Some days it feels like it’s raining surveys and certifications. That’s when my inbox is flooded with solicitations to get certified in yet another survey methodology. Every survey methodology claims to be better designed and more accurate than the last in terms of measuring culture and employee feelings about the organization.

For over 25 years, I have been helping to create organizations where employees love to do their best work and customers love to do business. I use surveys and other methods to measure diversity, equity, and inclusion in organizational cultures. While surveys are useful, they can also be misused and create problems.

I was recently called by the CEO of a midsize organization who conducted a generic survey that promised to measure inclusion and engagement. Based on the survey results, she thought they had a real inclusive culture, and everyone loved working there. The company decided they didn’t need to make any changes. But, in reality, there was a large degree of discontent.

Black and Latinx employees felt underutilized, invisible, and were continuing to leave. Young LGBT employees complained of hearing homophobic jokes and people were stuck in silos.

Why was there a discrepancy between the survey results and reality?

The CEO decided that bringing in an outside person was too expensive, so she bought an off-the-shelf survey instrument and it was administered by someone in-house.

After they brought us in and we spoke with employees, we were we discovered three themes.

  1. A substantial number of people didn’t fill out the survey because they didn’t understand why it was important.
  2. Some people of them were afraid that it wasn’t anonymous and were worried about retaliation.
  3. Other people didn’t put any thought into their answers because they didn’t trust the results would make a difference.

“Senior management doesn’t talk to us anyway, so why should we think our opinions, feelings and perspectives count,” stated one employee in middle management. Another employee in customer service asked, “Why didn’t anyone talk to us and ask what we need in order to feel included and participate?”

Beginning of the “fix”

When they brought us in, we began to talk to people. We spent time with the leadership team, observed the culture and how people interacted. We developed a strategy to quickly engage people at different levels and build trust in the data-gathering process.

Our process included individual interviews, facilitated focus groups, and diagnostic dialogues with different groups of employees. We created a customized survey with half the amount of questions and doubled the participation.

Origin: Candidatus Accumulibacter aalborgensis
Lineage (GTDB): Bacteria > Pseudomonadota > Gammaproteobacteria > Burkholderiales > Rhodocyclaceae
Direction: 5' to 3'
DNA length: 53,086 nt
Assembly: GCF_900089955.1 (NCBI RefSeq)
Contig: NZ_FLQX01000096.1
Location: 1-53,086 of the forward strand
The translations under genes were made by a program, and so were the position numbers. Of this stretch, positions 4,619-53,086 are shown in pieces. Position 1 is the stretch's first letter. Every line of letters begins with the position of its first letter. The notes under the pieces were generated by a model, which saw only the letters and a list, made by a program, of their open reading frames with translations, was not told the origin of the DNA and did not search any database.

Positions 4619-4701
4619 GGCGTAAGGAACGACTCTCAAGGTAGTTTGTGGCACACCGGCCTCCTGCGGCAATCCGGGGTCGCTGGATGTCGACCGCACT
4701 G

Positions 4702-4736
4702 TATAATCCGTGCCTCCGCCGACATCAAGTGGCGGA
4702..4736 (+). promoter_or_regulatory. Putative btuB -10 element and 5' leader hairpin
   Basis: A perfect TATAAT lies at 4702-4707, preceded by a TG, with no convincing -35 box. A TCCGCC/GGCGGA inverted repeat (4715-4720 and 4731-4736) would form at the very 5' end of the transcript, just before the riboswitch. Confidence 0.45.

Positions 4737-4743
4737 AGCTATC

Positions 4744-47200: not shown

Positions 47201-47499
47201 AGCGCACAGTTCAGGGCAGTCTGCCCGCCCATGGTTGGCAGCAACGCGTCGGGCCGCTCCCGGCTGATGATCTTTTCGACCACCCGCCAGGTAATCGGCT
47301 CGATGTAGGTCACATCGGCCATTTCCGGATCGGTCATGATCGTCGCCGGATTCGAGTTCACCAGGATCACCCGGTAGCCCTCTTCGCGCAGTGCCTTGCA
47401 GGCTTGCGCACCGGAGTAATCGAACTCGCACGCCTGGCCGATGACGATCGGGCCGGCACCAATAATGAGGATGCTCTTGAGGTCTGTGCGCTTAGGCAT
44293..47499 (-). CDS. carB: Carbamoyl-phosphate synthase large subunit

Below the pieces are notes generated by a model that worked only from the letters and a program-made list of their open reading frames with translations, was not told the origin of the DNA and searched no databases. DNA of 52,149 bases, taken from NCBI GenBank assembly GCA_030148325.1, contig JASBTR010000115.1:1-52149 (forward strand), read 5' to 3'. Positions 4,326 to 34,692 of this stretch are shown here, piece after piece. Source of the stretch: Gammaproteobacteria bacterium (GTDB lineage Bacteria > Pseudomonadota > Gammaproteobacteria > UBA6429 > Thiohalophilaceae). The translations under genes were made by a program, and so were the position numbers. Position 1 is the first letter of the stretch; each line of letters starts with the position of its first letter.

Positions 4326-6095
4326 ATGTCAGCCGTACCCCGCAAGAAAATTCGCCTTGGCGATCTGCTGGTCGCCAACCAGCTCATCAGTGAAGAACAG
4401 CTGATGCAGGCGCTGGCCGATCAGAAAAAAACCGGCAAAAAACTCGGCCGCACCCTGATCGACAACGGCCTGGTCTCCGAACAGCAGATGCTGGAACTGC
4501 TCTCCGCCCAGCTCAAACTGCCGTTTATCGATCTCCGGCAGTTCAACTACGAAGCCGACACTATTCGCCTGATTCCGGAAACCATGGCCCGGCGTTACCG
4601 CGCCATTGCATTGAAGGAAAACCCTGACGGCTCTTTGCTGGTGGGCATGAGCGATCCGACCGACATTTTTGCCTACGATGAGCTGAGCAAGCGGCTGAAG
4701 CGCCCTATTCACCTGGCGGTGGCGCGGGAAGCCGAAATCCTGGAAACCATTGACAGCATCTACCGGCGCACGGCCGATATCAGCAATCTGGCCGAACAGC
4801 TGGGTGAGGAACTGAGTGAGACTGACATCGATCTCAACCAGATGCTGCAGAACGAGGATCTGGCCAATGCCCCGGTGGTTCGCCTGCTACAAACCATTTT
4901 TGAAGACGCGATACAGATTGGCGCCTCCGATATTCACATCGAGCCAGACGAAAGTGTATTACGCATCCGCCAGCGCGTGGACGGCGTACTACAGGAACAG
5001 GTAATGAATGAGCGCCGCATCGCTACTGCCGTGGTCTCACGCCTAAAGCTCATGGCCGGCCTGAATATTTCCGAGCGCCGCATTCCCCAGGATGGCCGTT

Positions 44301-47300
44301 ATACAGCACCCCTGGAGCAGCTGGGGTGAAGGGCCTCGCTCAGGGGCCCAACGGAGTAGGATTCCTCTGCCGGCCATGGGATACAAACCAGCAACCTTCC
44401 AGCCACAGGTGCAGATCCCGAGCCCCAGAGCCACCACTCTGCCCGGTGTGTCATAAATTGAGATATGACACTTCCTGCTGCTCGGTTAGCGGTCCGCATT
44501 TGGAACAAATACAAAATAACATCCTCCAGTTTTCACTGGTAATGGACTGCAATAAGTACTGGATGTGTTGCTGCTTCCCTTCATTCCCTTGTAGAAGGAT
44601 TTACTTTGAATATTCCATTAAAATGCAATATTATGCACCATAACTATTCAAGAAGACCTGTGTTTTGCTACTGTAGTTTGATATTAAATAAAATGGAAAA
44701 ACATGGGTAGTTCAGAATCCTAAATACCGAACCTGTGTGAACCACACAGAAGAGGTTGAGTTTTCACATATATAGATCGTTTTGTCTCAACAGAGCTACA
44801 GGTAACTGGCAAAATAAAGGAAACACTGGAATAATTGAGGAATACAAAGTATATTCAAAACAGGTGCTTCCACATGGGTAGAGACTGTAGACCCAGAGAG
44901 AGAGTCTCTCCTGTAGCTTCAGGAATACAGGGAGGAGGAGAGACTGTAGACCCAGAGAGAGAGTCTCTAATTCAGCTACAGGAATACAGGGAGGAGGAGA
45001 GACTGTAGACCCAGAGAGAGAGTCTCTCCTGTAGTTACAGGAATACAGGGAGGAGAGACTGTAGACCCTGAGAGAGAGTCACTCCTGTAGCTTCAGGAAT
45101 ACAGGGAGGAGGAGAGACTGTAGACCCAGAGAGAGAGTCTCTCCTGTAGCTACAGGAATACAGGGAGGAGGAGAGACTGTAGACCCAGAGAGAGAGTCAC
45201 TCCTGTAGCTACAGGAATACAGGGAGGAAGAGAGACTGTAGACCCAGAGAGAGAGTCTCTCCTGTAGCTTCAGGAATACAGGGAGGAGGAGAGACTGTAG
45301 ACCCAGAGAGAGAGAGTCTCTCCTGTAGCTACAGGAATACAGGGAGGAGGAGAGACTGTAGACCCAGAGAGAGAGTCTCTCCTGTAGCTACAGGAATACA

Based on our results, the CEO understood three things:

  1. A survey measuring the health of an organization’s culture needs to be customized in a way that is relevant to its employees.
  2. A survey is simply a way of measuring certain aspects of the organization’s culture. It is not a solution and unless you engage your employees you won’t get the data you need to move forward.
  3. A survey alone will only provide quantitative data. It’s necessary to get qualitative data through examples and stories.

A survey does not build relationships in your organization

According to Rajeev Peshawaria, author of “Open Source Leadership: Reinventing Management When There's No More Business As Usual,” "To earn trust, [a leader] should have demonstrated all along that he cared about his employees and should not have waited until the survey to find out that there was a morale problem. Surveys are a very poor substitute for daily face-to-face communication. The idea is to create enough trust such that people can speak up without having to hide behind surveys.”

It’s too common for organizations to want the easiest, softest, cheapest way to assess culture with a generic survey. Based on a survey, they make a few window-dressing changes like sending everyone to bias training.

As we worked with the CEO and the rest of the organization, it became easier for the CEO to move out of her comfort zone and listen to employee feedback without getting defensive.

Conducting interviews and focus groups helped increase employee engagement and investment in building a diversity, equity, and inclusion (DEI) culture. That could never have happened with a survey alone.

Also, the CEO was able to use different data points to engage in conversation with employees with who she didn’t normally interact. While we were developing a baseline to help the organization meet its challenges and achieve a great culture while at the same time, the interaction between employees and senior management is moving the organization closer to its DEI goals.

Creating an inclusive culture where employees love to do their best work requires interaction and engaging people in conversations. You set the example when you listen and learn from their feedback and ideas, as opposed to relying on an impersonal, generic survey.

A survey alone is an event that won’t lead to long term change. Inclusive cultures are forged through long-term strategy, long-term relationships and long-term vision.

The real stories are told by the people who work in your organization, your customers, and people who have left.

Ultimately, even after you view the results of focus groups, interviews and a survey, it’s up to you, the board and the executive team to take the actions, make the changes, and engage people at every level and across every dimension of diversity to create an inclusive culture that lasts.